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A Postmortem on the "Tiger Mom" Brouhaha--It's All About Her

I was fortunate to have been away during much of the recent "tiger mom" craze. Sadly, the chatter, interviews, and excerpts have lingered, leading me to think a brief postmortem is in order.

For all the claims that this is about supporting her kids, it strikes me that "tiger mom" author Amy Chua is in the throes of the same "it's-all-about-me" zeitgeist as those lax parents who are just so eager for their kids to like them. Chua explains that this isn't really about her: "Chinese parents believe that they know what is best for their children and therefore override all of their children's own desires and preferences." Sounds to me like Chua puts herself front-and-center in every moment of her daughters' lives, ensuring that their interests and nascent friendships were as much about her as about them. I'm not sure how much this ultimately differs from "it's-all-about-me" New Age parenting.

Chua proudly related, "Back at the piano, Lulu made me pay. She punched, thrashed and kicked. She grabbed the music score and tore it to shreds. I taped the score back together and encased it in a plastic shield so that it could never be destroyed again. Then I hauled Lulu's dollhouse to the car and told her I'd donate it to the Salvation Army piece by piece...I threatened her with no lunch, no dinner, no Christmas or Hanukkah presents, no birthday parties for two, three, four years."

I don't know about you, but I've seen little evidence over the years that tantrums and empty threats are a promising way to raise responsible, hard-working, smart, self-reliant kids. Truth is, where I grew up, we had a phrase for Chua's behavior: it's not "tiger mom," but "drama queen." Strikes me that Chua is a hypercompetitive Yale law professor with a serious need for attention. That's cool, as far as it goes, it's just peculiar that anyone would look to her as a fount of parenting advice.

Chua also explained, "If a Chinese child gets a B--which would never happen--there would first be a screaming, hair-tearing explosion. The devastated Chinese mother would then get dozens, maybe hundreds of practice tests and work through them with her child for as long as it takes to get the grade up to an A." Normally, if it weren't claiming the cover of Time magazine, this kind of sweeping "speak-for-a-race" stereotyping would be decried as simple-minded and potentially racist. But when we get caught up in our manias, these kinds of overheated claims seem to get treated with a seriousness they don't really deserve.

The whole imbroglio reminded me of the furor raised by Carol Gilligan's famous book In a Different Voice, published a couple decades ago. Gilligan famously suggested that women have a distinctive course of moral development. Right or wrong, though, the funny thing was that Gilligan's grand theory was based on interviews with a couple dozen privileged girls at an elite New England boarding school. Skeptics suggested that maybe Gilligan's sweeping claims weren't quite as generalizable as she'd suggested. I may be wrong, but I'd bet a pretty substantial sum that Chua's drama queen antics aren't nearly as generalizable in Chinese culture as she casually suggested. I'd love to see some data on this.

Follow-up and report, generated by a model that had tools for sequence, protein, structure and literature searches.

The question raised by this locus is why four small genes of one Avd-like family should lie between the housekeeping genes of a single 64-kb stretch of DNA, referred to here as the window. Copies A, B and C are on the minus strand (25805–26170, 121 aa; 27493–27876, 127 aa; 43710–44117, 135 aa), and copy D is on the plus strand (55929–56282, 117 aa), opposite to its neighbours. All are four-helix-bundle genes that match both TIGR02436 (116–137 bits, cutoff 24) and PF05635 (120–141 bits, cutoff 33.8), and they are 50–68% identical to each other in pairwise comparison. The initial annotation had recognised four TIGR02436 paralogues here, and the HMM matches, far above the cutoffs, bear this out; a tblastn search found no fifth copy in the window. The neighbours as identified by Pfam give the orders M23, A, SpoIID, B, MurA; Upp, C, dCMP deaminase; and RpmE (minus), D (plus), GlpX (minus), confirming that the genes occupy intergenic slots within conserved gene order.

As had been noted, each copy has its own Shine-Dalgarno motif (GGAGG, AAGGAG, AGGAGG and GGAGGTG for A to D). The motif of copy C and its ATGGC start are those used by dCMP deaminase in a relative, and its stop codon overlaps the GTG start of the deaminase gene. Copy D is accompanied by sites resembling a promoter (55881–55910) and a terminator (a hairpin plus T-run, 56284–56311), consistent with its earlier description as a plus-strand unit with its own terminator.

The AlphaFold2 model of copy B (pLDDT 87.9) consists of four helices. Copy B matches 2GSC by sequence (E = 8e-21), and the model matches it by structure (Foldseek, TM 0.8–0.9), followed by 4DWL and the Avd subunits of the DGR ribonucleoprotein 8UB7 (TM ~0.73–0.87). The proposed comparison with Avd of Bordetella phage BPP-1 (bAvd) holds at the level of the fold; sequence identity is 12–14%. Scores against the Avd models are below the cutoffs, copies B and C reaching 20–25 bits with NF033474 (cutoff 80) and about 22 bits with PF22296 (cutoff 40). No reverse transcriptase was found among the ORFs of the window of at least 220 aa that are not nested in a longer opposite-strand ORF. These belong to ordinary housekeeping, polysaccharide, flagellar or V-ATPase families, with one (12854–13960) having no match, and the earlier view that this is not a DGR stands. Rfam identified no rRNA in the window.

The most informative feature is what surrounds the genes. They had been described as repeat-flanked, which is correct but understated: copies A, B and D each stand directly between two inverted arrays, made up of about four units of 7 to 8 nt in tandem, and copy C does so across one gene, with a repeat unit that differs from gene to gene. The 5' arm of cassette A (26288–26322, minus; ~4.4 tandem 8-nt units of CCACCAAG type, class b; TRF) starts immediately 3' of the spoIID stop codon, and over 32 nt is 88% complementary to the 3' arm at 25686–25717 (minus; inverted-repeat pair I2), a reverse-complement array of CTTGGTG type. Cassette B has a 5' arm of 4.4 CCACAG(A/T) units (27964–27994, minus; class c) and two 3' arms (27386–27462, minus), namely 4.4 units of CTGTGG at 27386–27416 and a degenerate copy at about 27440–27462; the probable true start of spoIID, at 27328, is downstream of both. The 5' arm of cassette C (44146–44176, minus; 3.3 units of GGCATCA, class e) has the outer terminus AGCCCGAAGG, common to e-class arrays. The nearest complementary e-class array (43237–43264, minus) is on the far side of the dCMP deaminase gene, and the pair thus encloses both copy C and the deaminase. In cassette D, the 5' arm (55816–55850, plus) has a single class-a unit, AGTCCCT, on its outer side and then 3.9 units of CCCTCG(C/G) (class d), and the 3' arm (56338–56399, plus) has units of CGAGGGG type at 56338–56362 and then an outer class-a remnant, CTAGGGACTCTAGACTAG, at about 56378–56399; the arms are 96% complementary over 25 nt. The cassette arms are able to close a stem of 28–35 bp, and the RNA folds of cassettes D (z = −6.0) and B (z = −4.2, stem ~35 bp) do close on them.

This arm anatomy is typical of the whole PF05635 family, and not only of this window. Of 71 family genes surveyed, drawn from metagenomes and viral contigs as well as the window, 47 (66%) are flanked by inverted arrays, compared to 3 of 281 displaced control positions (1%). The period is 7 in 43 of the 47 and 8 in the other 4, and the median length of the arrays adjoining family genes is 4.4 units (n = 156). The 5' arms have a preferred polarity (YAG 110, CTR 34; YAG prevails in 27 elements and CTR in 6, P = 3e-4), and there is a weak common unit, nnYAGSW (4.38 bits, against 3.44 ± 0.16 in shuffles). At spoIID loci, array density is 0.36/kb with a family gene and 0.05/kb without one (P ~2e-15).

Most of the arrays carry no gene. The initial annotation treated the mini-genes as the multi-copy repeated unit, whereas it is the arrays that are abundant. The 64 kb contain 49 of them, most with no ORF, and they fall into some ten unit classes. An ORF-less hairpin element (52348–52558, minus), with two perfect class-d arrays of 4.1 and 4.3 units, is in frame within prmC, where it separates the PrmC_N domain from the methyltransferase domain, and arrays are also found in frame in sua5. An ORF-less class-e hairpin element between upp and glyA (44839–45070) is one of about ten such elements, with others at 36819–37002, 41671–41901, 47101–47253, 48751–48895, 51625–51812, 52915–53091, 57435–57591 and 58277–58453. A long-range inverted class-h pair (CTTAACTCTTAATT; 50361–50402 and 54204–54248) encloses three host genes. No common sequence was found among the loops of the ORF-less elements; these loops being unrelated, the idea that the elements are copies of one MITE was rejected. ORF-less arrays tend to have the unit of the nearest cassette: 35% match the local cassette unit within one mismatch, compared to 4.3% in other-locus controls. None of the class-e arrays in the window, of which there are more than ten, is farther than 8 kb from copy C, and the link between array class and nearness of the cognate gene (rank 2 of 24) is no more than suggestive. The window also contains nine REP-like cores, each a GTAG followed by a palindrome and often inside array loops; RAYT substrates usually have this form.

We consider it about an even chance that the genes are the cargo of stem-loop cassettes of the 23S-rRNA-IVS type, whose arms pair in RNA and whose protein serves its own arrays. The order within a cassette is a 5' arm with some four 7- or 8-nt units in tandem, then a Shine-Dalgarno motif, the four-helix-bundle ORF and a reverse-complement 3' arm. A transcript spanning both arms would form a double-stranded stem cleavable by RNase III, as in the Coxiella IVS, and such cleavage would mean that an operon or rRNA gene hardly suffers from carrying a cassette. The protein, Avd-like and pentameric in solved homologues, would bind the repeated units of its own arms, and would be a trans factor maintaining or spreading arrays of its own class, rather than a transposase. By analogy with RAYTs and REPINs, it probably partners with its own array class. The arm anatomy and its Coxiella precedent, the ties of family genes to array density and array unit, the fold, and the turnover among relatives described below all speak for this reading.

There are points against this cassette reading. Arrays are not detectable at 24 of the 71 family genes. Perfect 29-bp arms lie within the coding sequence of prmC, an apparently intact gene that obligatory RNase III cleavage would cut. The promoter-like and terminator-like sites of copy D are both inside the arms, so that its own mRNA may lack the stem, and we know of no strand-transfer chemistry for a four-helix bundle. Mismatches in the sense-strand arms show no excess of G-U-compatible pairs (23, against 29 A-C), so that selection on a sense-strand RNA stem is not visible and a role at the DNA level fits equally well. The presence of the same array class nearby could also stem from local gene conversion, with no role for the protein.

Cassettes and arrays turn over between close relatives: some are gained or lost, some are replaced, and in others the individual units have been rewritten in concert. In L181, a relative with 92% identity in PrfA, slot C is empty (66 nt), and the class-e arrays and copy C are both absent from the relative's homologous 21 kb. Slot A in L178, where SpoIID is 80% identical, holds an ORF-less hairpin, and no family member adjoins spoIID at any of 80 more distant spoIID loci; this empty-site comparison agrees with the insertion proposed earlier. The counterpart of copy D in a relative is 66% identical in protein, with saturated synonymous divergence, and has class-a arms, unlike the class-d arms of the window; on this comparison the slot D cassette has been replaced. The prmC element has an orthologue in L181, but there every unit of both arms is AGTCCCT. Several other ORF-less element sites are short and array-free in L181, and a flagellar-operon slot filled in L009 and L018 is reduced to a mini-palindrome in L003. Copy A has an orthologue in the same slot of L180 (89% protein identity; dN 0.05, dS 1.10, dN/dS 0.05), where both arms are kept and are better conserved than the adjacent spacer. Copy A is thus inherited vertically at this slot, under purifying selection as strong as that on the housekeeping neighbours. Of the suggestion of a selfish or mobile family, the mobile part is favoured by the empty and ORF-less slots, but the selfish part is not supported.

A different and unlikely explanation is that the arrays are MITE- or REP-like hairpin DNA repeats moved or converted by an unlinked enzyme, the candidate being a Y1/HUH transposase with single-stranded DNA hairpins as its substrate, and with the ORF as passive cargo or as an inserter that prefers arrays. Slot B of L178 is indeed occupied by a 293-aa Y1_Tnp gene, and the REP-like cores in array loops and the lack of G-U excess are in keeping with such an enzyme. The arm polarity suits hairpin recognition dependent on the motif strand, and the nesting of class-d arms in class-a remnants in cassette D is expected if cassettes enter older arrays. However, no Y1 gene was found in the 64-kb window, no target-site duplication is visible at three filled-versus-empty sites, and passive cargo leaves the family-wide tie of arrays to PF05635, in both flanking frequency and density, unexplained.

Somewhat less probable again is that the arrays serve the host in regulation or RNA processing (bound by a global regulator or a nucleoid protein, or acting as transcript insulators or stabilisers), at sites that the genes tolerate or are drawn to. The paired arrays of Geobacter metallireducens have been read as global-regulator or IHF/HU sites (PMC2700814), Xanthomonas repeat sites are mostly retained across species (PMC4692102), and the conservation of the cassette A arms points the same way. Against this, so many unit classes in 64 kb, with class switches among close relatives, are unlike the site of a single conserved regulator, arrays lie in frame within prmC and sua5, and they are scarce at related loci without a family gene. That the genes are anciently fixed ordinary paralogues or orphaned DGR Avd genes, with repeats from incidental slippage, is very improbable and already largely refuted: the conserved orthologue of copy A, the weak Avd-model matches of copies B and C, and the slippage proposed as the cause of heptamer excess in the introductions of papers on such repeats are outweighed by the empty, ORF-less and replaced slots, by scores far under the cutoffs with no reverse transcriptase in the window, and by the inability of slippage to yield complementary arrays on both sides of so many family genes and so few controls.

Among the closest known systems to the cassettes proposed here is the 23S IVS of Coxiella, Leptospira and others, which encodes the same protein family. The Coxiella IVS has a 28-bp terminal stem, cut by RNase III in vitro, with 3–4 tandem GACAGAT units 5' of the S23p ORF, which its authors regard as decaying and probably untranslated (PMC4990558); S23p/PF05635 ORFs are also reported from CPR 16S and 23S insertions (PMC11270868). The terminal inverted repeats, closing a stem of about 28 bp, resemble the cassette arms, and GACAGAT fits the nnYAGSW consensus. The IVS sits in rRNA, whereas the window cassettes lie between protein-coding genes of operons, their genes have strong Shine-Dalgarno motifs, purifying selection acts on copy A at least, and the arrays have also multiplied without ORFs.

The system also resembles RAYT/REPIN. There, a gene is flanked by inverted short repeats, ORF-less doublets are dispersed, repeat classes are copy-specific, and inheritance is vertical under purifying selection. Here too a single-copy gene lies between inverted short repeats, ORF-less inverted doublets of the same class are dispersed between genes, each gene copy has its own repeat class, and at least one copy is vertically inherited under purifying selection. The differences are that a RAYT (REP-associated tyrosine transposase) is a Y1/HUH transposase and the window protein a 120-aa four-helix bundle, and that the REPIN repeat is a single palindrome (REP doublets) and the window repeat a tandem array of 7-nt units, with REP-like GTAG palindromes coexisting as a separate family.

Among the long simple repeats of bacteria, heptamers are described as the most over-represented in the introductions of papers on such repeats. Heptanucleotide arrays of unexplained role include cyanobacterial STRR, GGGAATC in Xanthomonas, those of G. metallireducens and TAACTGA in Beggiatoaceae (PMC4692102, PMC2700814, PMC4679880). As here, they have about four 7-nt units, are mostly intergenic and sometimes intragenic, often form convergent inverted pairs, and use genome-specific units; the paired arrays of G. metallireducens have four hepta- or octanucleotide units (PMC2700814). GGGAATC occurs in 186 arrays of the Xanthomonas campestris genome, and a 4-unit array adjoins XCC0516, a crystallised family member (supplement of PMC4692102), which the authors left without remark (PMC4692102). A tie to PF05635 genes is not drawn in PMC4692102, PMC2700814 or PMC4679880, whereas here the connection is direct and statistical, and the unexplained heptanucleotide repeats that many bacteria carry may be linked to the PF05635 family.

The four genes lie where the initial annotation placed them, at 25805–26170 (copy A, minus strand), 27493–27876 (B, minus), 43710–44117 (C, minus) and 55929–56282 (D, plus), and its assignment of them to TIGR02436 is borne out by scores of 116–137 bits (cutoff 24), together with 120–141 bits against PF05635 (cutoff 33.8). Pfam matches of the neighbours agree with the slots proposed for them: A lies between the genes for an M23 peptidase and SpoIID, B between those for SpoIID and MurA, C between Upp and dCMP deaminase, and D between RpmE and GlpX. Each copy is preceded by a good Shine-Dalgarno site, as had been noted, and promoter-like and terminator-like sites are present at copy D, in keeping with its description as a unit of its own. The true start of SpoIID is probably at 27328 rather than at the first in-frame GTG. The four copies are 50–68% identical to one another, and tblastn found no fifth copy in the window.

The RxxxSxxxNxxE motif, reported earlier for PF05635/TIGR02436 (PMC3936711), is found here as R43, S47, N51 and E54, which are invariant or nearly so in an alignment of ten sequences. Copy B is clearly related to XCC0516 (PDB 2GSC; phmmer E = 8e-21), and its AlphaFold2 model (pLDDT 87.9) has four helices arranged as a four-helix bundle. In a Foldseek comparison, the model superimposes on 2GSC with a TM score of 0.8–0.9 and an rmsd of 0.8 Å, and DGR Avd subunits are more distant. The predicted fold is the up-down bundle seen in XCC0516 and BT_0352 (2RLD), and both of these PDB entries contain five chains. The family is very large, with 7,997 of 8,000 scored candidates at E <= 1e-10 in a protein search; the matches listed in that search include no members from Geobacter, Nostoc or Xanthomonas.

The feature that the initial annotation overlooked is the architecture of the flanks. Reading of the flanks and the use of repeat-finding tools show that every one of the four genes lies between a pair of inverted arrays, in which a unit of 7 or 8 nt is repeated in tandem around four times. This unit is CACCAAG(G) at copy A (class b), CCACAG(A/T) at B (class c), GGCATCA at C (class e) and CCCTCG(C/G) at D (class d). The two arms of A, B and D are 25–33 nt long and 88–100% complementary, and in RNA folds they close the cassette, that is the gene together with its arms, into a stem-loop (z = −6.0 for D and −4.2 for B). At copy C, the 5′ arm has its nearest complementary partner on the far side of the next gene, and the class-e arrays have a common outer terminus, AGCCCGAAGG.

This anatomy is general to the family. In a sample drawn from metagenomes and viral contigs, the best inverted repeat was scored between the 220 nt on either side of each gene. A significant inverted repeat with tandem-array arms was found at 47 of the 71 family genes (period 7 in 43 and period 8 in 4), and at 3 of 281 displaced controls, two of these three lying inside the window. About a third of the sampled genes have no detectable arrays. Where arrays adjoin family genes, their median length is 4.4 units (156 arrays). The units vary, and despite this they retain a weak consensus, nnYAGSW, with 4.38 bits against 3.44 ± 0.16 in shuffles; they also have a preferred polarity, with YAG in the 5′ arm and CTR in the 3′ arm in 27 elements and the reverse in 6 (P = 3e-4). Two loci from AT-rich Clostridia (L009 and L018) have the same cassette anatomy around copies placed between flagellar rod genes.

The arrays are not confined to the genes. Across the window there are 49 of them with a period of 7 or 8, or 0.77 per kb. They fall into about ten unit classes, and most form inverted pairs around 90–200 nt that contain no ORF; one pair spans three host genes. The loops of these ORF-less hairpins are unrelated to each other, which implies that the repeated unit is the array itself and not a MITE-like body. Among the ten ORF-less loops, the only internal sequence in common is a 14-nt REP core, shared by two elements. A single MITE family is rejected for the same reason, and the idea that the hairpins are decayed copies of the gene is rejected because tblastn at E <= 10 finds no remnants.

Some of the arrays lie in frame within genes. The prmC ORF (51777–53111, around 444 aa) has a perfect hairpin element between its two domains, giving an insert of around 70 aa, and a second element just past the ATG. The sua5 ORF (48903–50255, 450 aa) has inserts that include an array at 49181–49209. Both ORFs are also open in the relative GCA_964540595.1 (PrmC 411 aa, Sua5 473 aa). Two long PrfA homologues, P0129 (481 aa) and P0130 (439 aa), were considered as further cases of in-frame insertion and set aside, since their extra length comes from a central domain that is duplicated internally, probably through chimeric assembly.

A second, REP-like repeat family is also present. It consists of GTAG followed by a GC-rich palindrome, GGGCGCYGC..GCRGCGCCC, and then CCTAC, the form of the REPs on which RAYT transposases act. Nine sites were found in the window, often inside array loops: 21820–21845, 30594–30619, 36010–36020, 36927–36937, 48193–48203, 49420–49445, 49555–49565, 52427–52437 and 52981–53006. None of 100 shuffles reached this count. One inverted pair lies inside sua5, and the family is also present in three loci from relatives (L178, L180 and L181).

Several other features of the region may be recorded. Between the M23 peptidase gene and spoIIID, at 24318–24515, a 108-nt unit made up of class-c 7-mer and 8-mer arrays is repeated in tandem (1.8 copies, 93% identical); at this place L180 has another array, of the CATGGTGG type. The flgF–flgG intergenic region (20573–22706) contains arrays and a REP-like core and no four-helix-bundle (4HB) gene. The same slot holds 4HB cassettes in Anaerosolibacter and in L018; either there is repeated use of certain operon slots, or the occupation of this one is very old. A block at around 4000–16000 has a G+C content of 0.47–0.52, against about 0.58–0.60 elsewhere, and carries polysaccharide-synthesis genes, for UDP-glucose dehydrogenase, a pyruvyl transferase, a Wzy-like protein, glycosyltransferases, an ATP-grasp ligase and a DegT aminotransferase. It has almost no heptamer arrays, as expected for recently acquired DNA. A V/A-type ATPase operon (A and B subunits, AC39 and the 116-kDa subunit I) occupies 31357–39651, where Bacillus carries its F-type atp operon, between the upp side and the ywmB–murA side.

What we actually have here, it seems to me, is the Yale law professor version of Octomom or the Kardashian sisters--one more narcissist eager for her fifteen minutes. The problem is that this kind of cultural debate driven by the Chuas and Octomoms of the world doesn't leave a lot of space for sensible reflection. Meanwhile, it primarily rewards folks for cooking up increasingly outlandish and attention-getting shticks... like being a "tiger mom."

So, parents just got treated to a month of hearing via television, major newspapers, and the cover of weekly newsmagazines that good parenting entails becoming a manipulative drama queen eager to dictate every moment of a child's life.

Of course, at the same time, the hysterical documentary Race to Nowhere--one more entry in the familiar corpus of "our kids are overworked" agitprop--informs us that too much homework and too many demands are crushing our children's spirit. All the hysteria leaves little room for calm, thoughtful guidance as to how parents can raise responsible children without making it all about mommy (or daddy). Where in the popular media is a parent to turn for that kind of sensible counsel? It scary to think that Dr. Phil might be a parent's best bet.

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The opinions expressed in Rick Hess Straight Up are strictly those of the author(s) and do not reflect the opinions or endorsement of Editorial Projects in Education, or any of its publications.

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